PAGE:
During the past 30 years a vast amount of detailed information has been generated on the physical and biological properties of the IgG-subclass proteins and the subclass distribution of IgG antibodies in immune responses against foreign and self antigens. This is exemplified by two 1986 reviews in Monographs in Allergy (Volumes 19 and 20) that examine basic and clinical aspects of the IgG subclasses and recent developments in our understanding of immunoglobulin subclass deficiencies. It is clear from these and other reports that measurement of the IgG subclass protein and subclass typing of the IgG antibodies is being successfully performed in research laboratories. Availability of excellent, documented monoclonal antibodies to the IgG subclasses will allow these measurements to enter the clinical immunology laboratory. The rationale for measuring each IgG-subclass protein in serum is based on the belief that identification of IgG-subclass deficiencies that often are masked by a normal value for total IgG can be clinically useful. Early identification of selective IgG-sublcass deficiencies can allow explanations and better planning for the patient who has recurrent infections, and possibly more exact treatment with replacement therapy. Clinical importance of the subclass typing of IgG antibodies with defined antigenic specificity is based on a belief that the identification of different subclass patterns can prove useful in determining the ultimate protective or destructive effect these antibodies will elicit once they are bound to ciruculating or tissue-bound antigen. IgG-subclass measurements represent an important frontier in clinical immunology laboratory testing.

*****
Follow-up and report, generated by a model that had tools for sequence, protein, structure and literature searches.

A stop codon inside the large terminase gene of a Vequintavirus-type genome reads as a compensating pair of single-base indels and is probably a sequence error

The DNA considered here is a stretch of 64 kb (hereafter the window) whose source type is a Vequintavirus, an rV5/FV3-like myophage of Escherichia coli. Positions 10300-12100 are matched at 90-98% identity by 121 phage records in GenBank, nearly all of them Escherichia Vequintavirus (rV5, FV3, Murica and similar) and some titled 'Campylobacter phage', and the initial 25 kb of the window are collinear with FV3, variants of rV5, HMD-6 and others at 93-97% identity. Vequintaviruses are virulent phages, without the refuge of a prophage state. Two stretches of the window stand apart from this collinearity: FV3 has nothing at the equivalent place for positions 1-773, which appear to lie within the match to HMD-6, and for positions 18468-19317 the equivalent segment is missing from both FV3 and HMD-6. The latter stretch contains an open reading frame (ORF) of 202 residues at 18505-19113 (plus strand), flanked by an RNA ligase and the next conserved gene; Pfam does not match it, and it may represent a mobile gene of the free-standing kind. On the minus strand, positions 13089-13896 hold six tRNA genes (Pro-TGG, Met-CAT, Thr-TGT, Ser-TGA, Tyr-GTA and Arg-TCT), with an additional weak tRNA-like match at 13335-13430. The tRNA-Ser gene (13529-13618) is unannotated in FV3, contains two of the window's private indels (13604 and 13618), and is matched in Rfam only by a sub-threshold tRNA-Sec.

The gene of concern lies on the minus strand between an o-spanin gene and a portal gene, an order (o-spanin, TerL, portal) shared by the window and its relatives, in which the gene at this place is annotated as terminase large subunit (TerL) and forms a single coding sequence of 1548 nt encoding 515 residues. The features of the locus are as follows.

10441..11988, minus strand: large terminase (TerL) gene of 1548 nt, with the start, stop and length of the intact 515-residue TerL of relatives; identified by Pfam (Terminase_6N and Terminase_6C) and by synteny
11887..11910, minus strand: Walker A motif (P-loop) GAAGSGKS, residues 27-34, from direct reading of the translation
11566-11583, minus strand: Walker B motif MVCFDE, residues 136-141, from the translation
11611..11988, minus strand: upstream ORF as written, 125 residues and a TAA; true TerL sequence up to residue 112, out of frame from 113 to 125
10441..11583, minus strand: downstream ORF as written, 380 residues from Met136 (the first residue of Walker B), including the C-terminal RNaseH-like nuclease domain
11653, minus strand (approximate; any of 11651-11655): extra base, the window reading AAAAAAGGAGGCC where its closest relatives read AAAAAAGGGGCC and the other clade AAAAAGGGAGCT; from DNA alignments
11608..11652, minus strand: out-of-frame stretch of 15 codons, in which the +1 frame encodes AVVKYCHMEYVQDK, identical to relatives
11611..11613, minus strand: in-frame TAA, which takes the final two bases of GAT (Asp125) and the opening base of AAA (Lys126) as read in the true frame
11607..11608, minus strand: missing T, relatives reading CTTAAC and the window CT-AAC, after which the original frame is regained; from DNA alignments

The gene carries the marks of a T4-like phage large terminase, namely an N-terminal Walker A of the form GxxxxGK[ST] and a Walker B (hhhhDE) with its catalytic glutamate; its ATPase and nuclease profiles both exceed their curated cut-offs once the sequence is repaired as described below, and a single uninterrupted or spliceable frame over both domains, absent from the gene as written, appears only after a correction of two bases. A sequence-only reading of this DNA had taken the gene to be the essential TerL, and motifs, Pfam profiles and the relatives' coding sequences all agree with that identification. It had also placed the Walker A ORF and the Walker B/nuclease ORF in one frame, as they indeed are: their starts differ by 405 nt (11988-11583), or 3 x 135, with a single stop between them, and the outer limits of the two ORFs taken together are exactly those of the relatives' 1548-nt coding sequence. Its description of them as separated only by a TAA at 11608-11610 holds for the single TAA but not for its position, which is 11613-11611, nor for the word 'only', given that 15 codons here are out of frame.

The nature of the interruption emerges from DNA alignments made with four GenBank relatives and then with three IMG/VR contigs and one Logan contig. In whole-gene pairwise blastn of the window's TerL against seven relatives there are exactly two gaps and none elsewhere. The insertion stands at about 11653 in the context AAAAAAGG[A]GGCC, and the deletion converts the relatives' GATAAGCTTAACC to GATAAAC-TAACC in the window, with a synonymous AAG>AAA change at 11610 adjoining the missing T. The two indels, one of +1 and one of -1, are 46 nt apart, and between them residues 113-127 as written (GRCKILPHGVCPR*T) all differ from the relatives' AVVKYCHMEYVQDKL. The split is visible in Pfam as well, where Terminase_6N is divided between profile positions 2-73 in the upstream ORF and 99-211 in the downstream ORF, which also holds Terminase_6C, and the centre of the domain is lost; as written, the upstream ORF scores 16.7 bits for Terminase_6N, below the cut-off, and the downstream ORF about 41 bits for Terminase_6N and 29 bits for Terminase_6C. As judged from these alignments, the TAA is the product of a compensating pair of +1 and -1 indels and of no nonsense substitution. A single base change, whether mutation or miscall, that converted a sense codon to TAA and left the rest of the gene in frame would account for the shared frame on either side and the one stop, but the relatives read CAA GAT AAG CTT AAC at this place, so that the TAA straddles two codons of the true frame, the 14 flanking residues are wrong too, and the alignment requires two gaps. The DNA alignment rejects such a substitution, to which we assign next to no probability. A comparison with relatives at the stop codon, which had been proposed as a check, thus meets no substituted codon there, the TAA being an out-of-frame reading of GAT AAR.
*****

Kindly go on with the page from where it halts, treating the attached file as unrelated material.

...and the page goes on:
|Original language||English (US)|
|Number of pages||19|
|State||Published - Dec 1 1987|
ASJC Scopus subject areas
- Clinical Biochemistry
- Biochemistry, medical